Step Back: Tomorrowland

by
Joan Feder

Feature Article
This article appeared in the August 25, 2020 (#1093) edition of ALL EARS®

Editor’s Note: This story/information was accurate when it was published. Please be sure to confirm all current rates, information and other details before planning your trip.

 

Step Back – September 2020

Join us on our monthly journey into the past as we explore the history of Walt Disney World and the Walt Disney Company. This time we look back to September 1966 when a fan favorite, the Flying Saucers, closed at Disneyland.

The original version of Tomorrowland opened with the rest of Disneyland on July 17, 1955. Due to budget cuts its ride offerings were slim. One attraction, the Tomorrowland Boats (later called the Phantom Boats), was a disaster. It closed after only one year in operation.

In 1960, Walt decided to replace the Phantom Boats with a “duck bump” attraction. Popular in the Midwest, this water ride featured a large inner tube that had a moving motor in its center. Guests could pilot these boats around a pond. But this concept did not really fit into the theme of Tomorrowland.

After some consideration, it was decided to head in a more futuristic direction. Disney combined the cutting-edge technology of hovercrafts with the public’s obsession with science fiction. Voila—an attraction with hovering spaceships!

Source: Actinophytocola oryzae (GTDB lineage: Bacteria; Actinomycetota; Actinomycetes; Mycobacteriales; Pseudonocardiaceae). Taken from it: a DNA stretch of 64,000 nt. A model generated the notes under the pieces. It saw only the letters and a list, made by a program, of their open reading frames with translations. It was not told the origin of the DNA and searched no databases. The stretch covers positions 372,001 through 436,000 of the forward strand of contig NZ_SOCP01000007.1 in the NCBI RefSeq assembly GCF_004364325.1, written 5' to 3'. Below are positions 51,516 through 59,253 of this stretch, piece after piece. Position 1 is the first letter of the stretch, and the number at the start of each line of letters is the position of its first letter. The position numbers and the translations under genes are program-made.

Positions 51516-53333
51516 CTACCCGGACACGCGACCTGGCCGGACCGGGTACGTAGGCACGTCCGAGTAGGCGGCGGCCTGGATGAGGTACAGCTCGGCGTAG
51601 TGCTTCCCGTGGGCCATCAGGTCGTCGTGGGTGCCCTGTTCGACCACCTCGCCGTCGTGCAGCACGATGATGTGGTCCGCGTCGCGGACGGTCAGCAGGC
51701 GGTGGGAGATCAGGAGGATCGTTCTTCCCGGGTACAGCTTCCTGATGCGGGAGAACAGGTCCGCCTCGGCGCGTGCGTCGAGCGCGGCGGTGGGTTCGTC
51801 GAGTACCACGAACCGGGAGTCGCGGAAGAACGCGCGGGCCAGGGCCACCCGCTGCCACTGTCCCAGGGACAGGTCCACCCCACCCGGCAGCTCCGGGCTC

On August 6, 1961, the Flying Saucers debuted to great fanfare. They were billed as “the bumper cars of the future” because riders could use the vehicles to ram each other’s saucers. Guests on the maiden voyage included Pluto, a space man, a space woman, and a couple of U.S. Marine jet pilots.

The attraction was enormous, taking up 16,000 square feet of Tomorrowland. The oval arena was divided in half by a loading platform. There were two sets of 16 saucers on each half. One set loaded while the other was in motion.

The saucers floated on a cushion of air like overgrown pucks on a giant air hockey table. The ride lasted about 2 minutes. After the guests exited, a giant arm would sweep the empty saucers back to the loading area, while releasing a new crop of pilots into the arena.

Adults each got their own pod, while smaller kids could share. Riders climbed into the saucer and held onto round handles on either side of the seat. The saucers were steered by guests shifting their weight. The pods moved in whatever direction the riders leaned.

The Flying Saucers were extremely popular. Almost 1 million guests rode them each year that they were in operation.

Yet, the attraction was fraught with problems. The saucers were constantly breaking down and were expensive to operate. The ride also had a limited capacity. With only 64 saucers, there were long waits for an extremely short experience. Additionally, many guests could not enjoy the ride due to their weight. Smaller kids that were too light would just bounce up and down in place, while larger guests didn’t float enough to move around.

The Flying Saucers closed on September 5, 1966. When the area reopened in 1967, the Tomorrowland Stage stood in its place. Almost 20 years later, it became part of the Space Mountain queue, which still fills that spot today.